• $\begingroup$ It is the nature of spacetime, the way space and time are articulated, that is responsible for the fact that accelerating a body will never lead to the speed of light. I guess the physical thing you are looking for is spacetime itself. I would say that in Special Relativity velocity is not a secondary notion (in Newtonian physics it is a plain ratio of independant quantities); rather, it is a fundamental one. See this other answer of mine. $\endgroup$ Commented Jan 20, 2017 at 15:03

If an object accelerates towards the speed of light many known rules of physics don't apply or at least have to be adapted to fit.

An easy "key" to the problem is that the speed of light is not relative. It is always constant regardless of the speed/location of the observer.

Let's say someone shoots a laser beam on the moon and watches the reflected signal from earth. He sees light, that travels to and from the moon. It travels twice the distance from earth to moon.

Someone in a really fast spaceship sees the moon and the light flying by. Thus, the light from earth to moon and the light from moon to earth are not on the same line but are tilted. A person in the spaceship sees some kind of V-shape for the way the light travels. Assuming that the speed of light is constant for everyone that leaves only one choice:

The light observed from the spaceship travels a longer distance. Therefore, the time has to go slower in the spaceship than on earth. This phenomenon is known as time dilation. Similar things happen to distances.

The factor by which lengths/time are changed is called Lorentz Factor. It is calculated this way:

$\gamma = \frac{1}{\sqrt{1-\frac{v^2}{c^2}}}$

This factor also applies to mass. The mass of not moving object is multiplied with this factor. If the value of v increases towards the speed of light c, the term under the square root will become smaller and eventually 0 for $ v = c $. The whole term $\gamma$ increases with increasing speed. The relative mass of a moving object with the mass $m_0$ is $m = \gamma \cdot m_0$.

Because of the increasing mass, more and more energy is needed to accelerate towards the speed of light and eventually you need an infinite amount to reach the speed of light. Therefore it is not possible to reach the speed of light through standard acceleration.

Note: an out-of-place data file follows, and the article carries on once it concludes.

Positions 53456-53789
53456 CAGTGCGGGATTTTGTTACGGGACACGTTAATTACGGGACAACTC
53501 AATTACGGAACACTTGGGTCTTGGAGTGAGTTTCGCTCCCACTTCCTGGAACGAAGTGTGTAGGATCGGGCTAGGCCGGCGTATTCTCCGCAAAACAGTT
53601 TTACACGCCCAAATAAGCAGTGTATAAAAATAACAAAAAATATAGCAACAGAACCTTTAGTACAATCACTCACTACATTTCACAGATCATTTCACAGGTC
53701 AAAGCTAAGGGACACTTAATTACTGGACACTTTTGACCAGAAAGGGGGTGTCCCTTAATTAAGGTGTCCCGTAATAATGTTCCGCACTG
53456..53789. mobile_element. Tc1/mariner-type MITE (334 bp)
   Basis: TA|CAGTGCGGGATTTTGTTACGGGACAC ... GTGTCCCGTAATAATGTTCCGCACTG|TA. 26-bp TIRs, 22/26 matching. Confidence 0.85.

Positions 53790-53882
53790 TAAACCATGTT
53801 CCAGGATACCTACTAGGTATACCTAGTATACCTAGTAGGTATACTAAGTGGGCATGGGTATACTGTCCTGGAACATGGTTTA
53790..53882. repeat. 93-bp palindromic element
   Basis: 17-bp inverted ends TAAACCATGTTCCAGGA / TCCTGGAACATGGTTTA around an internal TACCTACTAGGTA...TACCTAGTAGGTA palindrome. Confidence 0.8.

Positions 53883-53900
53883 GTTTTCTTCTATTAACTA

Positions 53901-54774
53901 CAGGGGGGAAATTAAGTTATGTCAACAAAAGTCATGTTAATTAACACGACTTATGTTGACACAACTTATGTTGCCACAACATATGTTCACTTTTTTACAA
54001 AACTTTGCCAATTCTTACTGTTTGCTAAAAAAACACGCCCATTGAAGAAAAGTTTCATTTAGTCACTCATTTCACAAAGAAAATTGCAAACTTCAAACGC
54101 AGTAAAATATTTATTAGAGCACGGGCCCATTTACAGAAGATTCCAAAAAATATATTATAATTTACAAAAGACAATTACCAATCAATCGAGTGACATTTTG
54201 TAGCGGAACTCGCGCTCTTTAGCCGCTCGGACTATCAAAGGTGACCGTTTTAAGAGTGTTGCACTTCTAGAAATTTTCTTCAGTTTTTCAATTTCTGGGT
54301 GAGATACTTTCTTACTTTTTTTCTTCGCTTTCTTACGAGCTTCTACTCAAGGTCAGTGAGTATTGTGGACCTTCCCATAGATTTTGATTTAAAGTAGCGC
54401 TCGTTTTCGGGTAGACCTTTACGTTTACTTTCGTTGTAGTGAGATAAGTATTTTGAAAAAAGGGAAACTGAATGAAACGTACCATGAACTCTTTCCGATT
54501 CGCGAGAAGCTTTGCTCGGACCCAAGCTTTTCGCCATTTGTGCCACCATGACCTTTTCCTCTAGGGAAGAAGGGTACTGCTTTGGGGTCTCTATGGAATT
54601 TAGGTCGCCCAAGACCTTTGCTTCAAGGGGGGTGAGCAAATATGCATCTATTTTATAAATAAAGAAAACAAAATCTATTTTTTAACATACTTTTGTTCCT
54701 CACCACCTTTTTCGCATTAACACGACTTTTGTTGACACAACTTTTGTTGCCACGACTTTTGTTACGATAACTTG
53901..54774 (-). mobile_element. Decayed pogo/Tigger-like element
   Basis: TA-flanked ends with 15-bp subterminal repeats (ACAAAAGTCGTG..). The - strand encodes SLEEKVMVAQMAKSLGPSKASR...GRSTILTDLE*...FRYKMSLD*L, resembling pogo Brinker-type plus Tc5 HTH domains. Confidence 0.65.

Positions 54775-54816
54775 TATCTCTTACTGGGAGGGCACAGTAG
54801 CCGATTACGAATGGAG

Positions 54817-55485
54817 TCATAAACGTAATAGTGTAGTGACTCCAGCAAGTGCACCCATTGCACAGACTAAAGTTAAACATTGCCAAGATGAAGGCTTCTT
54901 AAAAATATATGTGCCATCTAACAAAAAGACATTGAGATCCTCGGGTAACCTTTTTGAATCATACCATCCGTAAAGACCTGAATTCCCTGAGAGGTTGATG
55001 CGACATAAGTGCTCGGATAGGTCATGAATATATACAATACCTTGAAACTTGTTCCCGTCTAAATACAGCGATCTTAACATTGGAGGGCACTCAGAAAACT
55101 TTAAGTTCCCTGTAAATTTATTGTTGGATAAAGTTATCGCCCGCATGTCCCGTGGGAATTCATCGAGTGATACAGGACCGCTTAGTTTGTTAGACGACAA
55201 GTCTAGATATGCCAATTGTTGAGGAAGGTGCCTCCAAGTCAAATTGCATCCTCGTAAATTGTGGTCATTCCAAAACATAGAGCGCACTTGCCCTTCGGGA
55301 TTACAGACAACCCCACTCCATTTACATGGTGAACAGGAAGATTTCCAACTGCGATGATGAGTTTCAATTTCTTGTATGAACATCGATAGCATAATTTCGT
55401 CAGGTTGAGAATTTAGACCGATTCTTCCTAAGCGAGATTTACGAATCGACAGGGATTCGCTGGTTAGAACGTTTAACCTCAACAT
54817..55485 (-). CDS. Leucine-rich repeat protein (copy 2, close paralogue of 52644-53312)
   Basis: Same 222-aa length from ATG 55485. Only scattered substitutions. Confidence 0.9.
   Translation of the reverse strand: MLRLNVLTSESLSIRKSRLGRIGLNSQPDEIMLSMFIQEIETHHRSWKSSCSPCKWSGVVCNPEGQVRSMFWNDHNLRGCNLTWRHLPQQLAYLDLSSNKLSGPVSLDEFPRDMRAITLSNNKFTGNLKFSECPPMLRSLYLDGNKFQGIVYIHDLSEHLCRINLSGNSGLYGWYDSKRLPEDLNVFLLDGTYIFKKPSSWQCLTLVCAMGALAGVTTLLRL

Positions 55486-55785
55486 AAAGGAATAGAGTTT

There's a theoretical approach for realizing speeds higher than the speed of light: The Alcubierre Drive. It basically deforms the space the traveller is in, so it doesn't move faster than the speed of light inside its space but seen from the outside it is faster.

  • $\begingroup$ I am very familiar with the mathematics of special relativity as I finished my bachelors in physics recently. What I failed to understand during my course was, what was physically responsible for the speed limit. Is it the interaction between matter and fabric of space-time, is it something else? $\endgroup$
    – Icarus
    Commented Jan 20, 2017 at 7:52
  • $\begingroup$ In that case the reason: "It is as it is" describes it best. you can always dig deeper. But at some point you get to phenomena that you have to accept as they are. $\endgroup$
    – GNA
    Commented Jan 20, 2017 at 11:22
  • $\begingroup$ Ah, the satisfying answer to scientists everywhere "It is as it is". I believe it is something to do with energy required to travel through space-time varies with a gamma factor. I'm not 100% so I'll do some more digging to try to formulate that into an answer. As I'm sure your degree taught you, maths is at the root of all solutions but as a physicist you want the phenomena behind the maths. $\endgroup$ Commented Jan 20, 2017 at 11:37
  • $\begingroup$ @LioElbammalf The gamma factor is the mathematical concept that was born out of necessity from special relativity. Unfortunately, the gamma factor is true because special relativity is true and not the other way around. And as you said I wish to know the phenomena behind the maths. $\endgroup$